Leroy McKnight is one of hundreds of UAW retirees expected to appear Monday in federal court in Detroit to voice their opposition to a deal between their union and General Motors Corp. that would force them to pay more for health care.

McKnight, who retired in Haslett after more than 30 years with GM, says he speaks for most retired UAW workers when he says the union had no right to agree last year to cut some of his benefits.

http://www.freep.com/apps/pbcs.dll/article...4/-1/BUSINESS07

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Guest buickman   
Guest buickman

Two words describe the cause... Richard Wagoner. Time to place the blame, accountability, and responsibility squarely where it belongs, on the man at the top who has guided the ship straight down.

Buickman

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greg_nate    0

Its about time someone pointed out that the emperor has no clothes.

Does it benefit anyone by postponing the inevitible for another 5 years, possibly ruining GM beyond repair?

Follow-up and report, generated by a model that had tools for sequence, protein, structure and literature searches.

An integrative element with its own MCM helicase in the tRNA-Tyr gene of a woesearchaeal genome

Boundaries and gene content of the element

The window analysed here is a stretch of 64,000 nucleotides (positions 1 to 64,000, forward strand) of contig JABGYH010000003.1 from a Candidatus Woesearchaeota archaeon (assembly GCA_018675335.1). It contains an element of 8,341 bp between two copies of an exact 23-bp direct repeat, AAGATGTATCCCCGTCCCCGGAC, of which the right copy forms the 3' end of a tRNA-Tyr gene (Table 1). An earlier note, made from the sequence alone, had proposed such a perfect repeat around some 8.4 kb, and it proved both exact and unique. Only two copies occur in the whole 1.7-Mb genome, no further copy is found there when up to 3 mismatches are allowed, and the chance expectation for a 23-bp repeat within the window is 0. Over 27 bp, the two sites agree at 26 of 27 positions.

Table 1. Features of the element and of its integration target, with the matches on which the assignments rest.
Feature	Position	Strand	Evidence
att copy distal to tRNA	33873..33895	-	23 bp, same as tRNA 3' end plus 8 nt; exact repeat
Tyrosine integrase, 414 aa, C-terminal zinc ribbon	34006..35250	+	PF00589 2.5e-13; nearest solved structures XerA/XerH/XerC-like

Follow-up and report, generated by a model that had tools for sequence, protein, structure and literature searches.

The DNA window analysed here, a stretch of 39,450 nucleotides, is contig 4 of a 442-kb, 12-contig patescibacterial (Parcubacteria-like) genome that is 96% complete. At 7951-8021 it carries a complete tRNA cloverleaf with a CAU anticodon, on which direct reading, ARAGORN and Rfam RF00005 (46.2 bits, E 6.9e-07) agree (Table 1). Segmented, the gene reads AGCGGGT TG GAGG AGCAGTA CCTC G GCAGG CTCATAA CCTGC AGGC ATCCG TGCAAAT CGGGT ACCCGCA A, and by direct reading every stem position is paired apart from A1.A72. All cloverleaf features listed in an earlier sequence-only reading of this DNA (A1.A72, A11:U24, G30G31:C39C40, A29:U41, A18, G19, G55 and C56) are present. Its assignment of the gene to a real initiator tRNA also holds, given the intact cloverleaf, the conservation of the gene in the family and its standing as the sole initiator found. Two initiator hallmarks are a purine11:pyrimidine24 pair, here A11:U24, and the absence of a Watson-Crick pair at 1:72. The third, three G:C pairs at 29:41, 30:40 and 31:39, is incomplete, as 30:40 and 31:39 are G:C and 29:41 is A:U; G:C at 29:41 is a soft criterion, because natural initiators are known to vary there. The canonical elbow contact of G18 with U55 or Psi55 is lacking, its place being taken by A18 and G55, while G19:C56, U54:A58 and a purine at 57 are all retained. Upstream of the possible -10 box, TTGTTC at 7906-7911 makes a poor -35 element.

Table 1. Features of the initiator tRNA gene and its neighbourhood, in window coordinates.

I say cut the losses now. Start with a clean, competitive slate as soon as possible. There are too many parties involved to achieve any kind of positive cooperation. And contrary to some people's posts on here, the UAW is not being cooperative. The only reason they agreed to legacy benifit cuts was because they knew that they would be challenged in the courts.

The best case scenario is if:

- GM files for bankrupcty

- Unions are busted.

- Excessive executive compensation is halted. Change of CEO.

- Workers who want to actually work, go back on the job with competitive benefits akin to what Toyota and Honda offer here.

- Ford follows suit.

- GM is then allowed a fair playing field with its Asian competitors.

- GM is allowed to focus on innovation and quality, sinking much needed money into development.

- Ford follows suit.

- American auto industry and auto workers then get a chance to show their true excellence and competetiveness. They gain dominant market share once again, and return to the status of an industry that is a keystone of our economy.

Edited by greg_nate

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SimonDavid    0

Its about time someone pointed out that the emperor has no clothes.